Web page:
In May, Fatana Hassanzada founded Gellara, Afghanistan’s first women’s lifestyle magazine. She wants to portray Afghan women “as human beings” rather than only victims.

Afghanistan’s female journalists are bravely carving out a place for themselves in the country’s male-dominated media landscape and it doesn’t look like they’ll let anything stop them.

Photo Credit: Facebook


Paola S
Paola S11 days ago

Thanks for this

Margie F
Margie FOURIE14 days ago

Good news, I think

Maria R
Maria R14 days ago

thanks for sharing

Carl R
Carl R15 days ago


Danuta W
Danuta W17 days ago

Thanks for sharing.

iloshechka A
iloshechka A18 days ago


Nicole H
Nicole H21 days ago

TO CIARON D : Negativism will certainly not help over 50 % of the world's population, viz. women. If you just think that some Taliban morons will try to shut them up by sending them some bombs or gunned morons, then nobody will ever make an effort to change this world. Is it really that you want ??? I don't believe so. Of course they will get plenty of negative attention, and nasty mails / letters.... But at least these women have the f..cking COURAGE TO DO SOMETHING, not only talk about it, and continue nursing their kids and cooking his Majesty's meals, just as the U.S.A. POTUS would love it..." I will never change diapers" ... Wonder if he is even capable / smart enough to do something so stupid as changing diapers.... If we all keep afraid of what the Taliban and other braindead creatures COULD do, when women fight for their RIGHTS, the world will NEVER CHANGE. And we all will keep living in the Middle (dark) Ages.. How many women are their in the U.S.A. Congress ?? Also afraid of the Taliban ?????????

Nicole H
Nicole H21 days ago

These women have my greatest respect and admiration. And do you mind they are wearing a scarf ?? well : I AM NOT !! Being a Muslim has nothing to do with your job employment, and if these women prefer to wear a nice scarf, let them do so !! Is this the beginning of a new era in the Muslim world. I certainly hope so. Muslim women have been "attached" to their only job of being a mother and doing the housekeeping. Nothing more. And we do not have less intelligence as men. I would say on the contrary. We are more engaged with social matters like education, how to bring up our children at home, and learn them how to fight for equal rights. We are far more important for the future of our respective countries than men !! Once they wear the name "politicians" they become machos, think they are all geniuses, and want to command us from 00.00 h. till 24.00 h. I really hope these women have started a REVOLUTION and many more will follow. Also in politics, on local basis, or nationally, even internationally. WELL DONE AND DON'T BE AFRAID OF YOUR FELLOW MEN. They don't make the world go around, WE WOMEN DO THAT, AND WE DO THAT VERY WELL !!!!! As Naomi said : you can not fly with only 1 wing... Nice way of putting it !! Thanks for the info as well. Had no idea...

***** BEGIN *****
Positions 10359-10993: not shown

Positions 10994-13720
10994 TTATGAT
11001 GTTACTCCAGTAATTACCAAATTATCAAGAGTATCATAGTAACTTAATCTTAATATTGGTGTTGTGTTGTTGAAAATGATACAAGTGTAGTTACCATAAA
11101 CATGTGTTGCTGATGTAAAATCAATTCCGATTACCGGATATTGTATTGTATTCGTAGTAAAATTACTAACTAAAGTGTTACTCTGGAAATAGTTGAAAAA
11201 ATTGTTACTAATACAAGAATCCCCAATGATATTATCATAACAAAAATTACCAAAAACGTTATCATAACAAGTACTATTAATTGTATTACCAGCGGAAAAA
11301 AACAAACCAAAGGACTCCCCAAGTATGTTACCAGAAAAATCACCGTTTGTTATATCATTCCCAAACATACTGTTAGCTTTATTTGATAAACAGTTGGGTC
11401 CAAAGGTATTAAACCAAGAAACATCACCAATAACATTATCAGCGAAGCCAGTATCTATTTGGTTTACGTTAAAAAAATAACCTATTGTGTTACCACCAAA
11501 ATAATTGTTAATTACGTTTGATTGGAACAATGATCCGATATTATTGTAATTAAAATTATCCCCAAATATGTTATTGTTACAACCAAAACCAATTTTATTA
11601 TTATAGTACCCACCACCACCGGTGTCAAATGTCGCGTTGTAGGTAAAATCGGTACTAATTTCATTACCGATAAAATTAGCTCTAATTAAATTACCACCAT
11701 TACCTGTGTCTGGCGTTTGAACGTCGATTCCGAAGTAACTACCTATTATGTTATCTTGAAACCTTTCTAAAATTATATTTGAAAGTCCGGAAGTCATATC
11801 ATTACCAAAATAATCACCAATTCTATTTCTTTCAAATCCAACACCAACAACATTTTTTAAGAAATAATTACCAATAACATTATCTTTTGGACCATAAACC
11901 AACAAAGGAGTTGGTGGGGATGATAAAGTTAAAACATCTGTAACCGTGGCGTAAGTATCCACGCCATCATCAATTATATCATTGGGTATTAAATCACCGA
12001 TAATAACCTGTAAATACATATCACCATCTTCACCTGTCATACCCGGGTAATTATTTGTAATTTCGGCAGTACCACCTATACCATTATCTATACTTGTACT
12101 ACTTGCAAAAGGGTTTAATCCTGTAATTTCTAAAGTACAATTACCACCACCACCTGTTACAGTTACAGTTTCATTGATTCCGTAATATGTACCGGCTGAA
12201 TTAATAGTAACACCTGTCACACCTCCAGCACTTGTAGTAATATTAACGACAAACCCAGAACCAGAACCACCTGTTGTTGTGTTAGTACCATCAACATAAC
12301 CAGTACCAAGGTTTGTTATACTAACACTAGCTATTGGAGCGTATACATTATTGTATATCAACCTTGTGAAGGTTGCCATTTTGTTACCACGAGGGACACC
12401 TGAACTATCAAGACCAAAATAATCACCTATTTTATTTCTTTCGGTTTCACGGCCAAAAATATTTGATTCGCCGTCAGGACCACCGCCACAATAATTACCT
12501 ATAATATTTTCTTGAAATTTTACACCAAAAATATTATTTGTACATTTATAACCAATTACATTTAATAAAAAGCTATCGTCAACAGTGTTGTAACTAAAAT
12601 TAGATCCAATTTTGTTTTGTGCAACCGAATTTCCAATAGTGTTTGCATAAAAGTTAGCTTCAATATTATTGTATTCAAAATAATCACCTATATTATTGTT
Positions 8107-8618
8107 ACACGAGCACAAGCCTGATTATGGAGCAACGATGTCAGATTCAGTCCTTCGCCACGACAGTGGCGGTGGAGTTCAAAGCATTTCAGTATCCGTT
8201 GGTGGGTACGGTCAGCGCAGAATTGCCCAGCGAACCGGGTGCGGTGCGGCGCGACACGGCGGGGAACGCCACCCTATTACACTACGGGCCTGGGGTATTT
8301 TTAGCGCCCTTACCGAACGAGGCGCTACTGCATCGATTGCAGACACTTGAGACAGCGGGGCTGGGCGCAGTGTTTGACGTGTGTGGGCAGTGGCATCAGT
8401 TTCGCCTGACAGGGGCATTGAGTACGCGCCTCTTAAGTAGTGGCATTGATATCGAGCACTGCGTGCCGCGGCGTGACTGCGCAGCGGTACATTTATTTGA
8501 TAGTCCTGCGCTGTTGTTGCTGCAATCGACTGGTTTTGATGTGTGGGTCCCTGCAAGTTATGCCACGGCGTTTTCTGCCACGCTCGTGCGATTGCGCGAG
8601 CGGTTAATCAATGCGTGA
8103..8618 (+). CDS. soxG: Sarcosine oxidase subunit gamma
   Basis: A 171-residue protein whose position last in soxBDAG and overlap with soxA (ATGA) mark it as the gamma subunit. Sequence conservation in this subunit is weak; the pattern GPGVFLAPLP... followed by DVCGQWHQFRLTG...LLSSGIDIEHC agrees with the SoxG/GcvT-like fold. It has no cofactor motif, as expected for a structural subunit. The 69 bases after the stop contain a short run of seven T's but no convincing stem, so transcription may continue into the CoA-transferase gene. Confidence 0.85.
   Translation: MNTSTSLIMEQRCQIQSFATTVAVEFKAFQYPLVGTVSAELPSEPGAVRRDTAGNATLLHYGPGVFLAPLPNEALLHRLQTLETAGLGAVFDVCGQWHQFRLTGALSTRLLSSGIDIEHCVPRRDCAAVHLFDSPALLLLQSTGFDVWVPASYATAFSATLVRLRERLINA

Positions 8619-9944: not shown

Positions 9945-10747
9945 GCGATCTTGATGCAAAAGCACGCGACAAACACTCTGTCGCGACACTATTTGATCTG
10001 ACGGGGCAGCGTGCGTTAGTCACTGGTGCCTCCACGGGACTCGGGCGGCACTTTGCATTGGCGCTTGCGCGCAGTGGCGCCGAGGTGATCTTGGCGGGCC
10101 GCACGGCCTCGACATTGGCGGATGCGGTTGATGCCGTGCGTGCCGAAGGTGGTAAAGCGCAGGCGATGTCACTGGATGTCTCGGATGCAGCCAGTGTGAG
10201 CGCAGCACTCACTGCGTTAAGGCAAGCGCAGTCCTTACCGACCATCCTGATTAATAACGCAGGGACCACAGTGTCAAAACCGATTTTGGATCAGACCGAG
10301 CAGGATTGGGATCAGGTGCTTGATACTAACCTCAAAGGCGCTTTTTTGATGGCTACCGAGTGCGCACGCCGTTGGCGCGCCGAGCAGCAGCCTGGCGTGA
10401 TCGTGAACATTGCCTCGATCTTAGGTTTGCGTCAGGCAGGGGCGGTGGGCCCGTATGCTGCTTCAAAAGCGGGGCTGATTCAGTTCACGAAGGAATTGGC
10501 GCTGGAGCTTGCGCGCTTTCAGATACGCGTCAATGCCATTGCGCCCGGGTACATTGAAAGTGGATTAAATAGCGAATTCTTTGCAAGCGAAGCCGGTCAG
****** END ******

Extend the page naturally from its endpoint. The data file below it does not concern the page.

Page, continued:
Naomi D
Naomi Dreyer23 days ago

WOW! Wonderful. And among the teachings of Bahá’u’lláh (Founder of the Baha'i Faith) is the equality of women and men. The world of humanity has two wings—one is women and the other men. Not until both wings are equally developed can the bird fly. Should one wing remain weak, flight is impossible. Not until the world of women becomes equal to the world of men in the acquisition of virtues and perfections, can success and prosperity be attained as they ought to be.

Jaime J
Jaime J24 days ago

Thank you!!